No Warp Drive Here: NASA Downplays 'Impossible' EM Drive Space Engine

Researchers around the world are working to develop and demonstrate new propulsion systems that could potentially open up vast stretches of the cosmos to exploration.
Engineers around the globe aim to develop new propulsion systems that could open up the cosmos to exploration. (Image credit: NASA/Glenn Research Center)

Despite the fevered reports rocketing around the Internet recently, NASA is not on the verge of developing a fuel-free, faster-than-light propulsion system, space agency officials stress.

A team based at NASA's Johnson Space Center (JSC) in Houston reportedly tested a prototype engine system in a vacuum recently and determined that it produced a small amount of thrust. This news was disclosed on a forum earlier this year, and last week, it hit the broader Internet with a vengeance, as some pieces linked the technology to a long-sought "warp drive."

Why all the attention? The novel thruster system is based on the EmDrive, a British invention said to create thrust without propellant by bouncing microwaves around inside a chamber. If it works, the engine could revolutionize spaceflight — and it would apparently violate the laws of physics, as well. [Superfast Spacecraft Propulsion Concepts (Images)]

But NASA is downplaying the research and its potential to deliver a huge propulsion breakthrough in the near future.

"While conceptual research into novel propulsion methods by a team at NASA's Johnson Space Center in Houston has created headlines, this is a small effort that has not yet shown any tangible results," NASA officials told in a statement. "NASA is not working on 'warp drive' technology."

Not much information

The novel space engine design would seem to produce more energy than is put into it, violating the law of conservation of energy, which (simply put) says that energy cannot be destroyed or created.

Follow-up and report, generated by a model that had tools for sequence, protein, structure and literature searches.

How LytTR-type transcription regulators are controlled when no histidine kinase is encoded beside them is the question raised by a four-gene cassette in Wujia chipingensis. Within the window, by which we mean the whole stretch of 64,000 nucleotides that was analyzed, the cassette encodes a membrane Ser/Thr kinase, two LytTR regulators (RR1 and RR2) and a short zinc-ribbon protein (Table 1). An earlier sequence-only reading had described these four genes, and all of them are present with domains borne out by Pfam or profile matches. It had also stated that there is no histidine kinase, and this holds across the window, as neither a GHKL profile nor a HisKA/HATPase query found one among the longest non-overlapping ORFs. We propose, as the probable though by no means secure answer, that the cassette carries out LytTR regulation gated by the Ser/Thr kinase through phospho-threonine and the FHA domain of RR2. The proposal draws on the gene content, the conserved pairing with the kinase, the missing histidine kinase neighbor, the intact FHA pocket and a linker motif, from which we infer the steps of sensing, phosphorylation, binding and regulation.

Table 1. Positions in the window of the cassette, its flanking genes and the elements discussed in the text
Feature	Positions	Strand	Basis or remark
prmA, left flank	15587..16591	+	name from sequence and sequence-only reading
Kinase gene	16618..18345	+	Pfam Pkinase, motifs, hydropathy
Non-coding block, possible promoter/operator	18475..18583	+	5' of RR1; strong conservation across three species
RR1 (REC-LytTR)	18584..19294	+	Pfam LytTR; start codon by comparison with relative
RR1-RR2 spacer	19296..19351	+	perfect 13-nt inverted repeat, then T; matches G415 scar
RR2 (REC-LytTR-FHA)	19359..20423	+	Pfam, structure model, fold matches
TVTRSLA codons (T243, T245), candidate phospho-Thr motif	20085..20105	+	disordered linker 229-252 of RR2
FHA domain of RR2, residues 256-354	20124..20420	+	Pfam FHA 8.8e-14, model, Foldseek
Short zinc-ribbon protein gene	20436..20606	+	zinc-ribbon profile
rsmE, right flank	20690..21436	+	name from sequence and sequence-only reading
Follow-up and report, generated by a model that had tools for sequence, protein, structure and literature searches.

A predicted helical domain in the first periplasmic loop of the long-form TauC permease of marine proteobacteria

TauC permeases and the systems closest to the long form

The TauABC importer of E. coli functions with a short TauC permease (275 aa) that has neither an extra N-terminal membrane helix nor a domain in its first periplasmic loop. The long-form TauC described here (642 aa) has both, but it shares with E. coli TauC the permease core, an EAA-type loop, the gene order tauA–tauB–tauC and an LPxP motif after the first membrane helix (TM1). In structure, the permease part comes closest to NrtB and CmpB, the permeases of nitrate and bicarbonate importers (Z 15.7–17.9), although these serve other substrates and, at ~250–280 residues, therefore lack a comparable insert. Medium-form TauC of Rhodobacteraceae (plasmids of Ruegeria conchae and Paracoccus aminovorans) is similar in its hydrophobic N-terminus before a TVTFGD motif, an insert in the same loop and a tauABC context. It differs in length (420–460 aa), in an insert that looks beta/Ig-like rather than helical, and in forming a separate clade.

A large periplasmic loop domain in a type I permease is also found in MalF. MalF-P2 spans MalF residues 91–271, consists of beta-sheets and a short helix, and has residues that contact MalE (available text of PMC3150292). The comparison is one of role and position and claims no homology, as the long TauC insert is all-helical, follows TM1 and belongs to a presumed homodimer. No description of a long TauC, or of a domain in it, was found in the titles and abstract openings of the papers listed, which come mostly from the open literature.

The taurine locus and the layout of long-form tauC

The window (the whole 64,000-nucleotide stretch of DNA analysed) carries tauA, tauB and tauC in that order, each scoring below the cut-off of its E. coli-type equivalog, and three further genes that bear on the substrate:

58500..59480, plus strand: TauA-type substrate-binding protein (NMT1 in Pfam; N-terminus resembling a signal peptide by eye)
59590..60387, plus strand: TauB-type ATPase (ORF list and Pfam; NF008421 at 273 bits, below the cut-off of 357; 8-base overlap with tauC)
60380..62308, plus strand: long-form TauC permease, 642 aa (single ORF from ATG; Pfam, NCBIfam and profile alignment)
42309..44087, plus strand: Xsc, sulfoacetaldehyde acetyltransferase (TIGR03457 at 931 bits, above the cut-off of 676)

"The reason it's controversial is, it violates Newton's Third Law," Brian Koberlein, an astrophysicist who studies general relativity and computational astrophysics, told

It's possible that electromagnetic leaks in the chamber or coupling with Earth's magnetic field are responsible for the supposedly impossible result, said Koberlein, who is based at the Rochester Institute of Technology. But the recent test in the vacuum chamber, if it is indeed valid, does rule out another prosaic explanation — that the engine was pushing against Earth's atmosphere in some way, he added.  

Outside scientists are understandably eager to know just what the JSC Eagleworks team has managed to achieve, and how they did it. But observers can't perform such an evaluation at the moment, because the work hasn't been submitted for peer review, said Koberlein.

Indeed, all that outside researchers really have to go on is the forum, which includes a thread of posts stretching back several years, discussing the development of the EmDrive. (Paul March, an engineer on the Eagleworks team doing the work, contributed to the discussion on the forum. When contacted by, he referred queries to his boss, JSC engineer Harold "Sonny" White, who did not respond to requests for an interview.)

It's unclear from these forum posts if the prototype propulsion system actually generated any thrust during the recent tests, said Ethan Siegel, a physics and astronomy professor at Lewis & Clark College in Portland, Oregon. Siegel also wrote about the EmDrive in Forbes Magazine, to which he regularly contributes.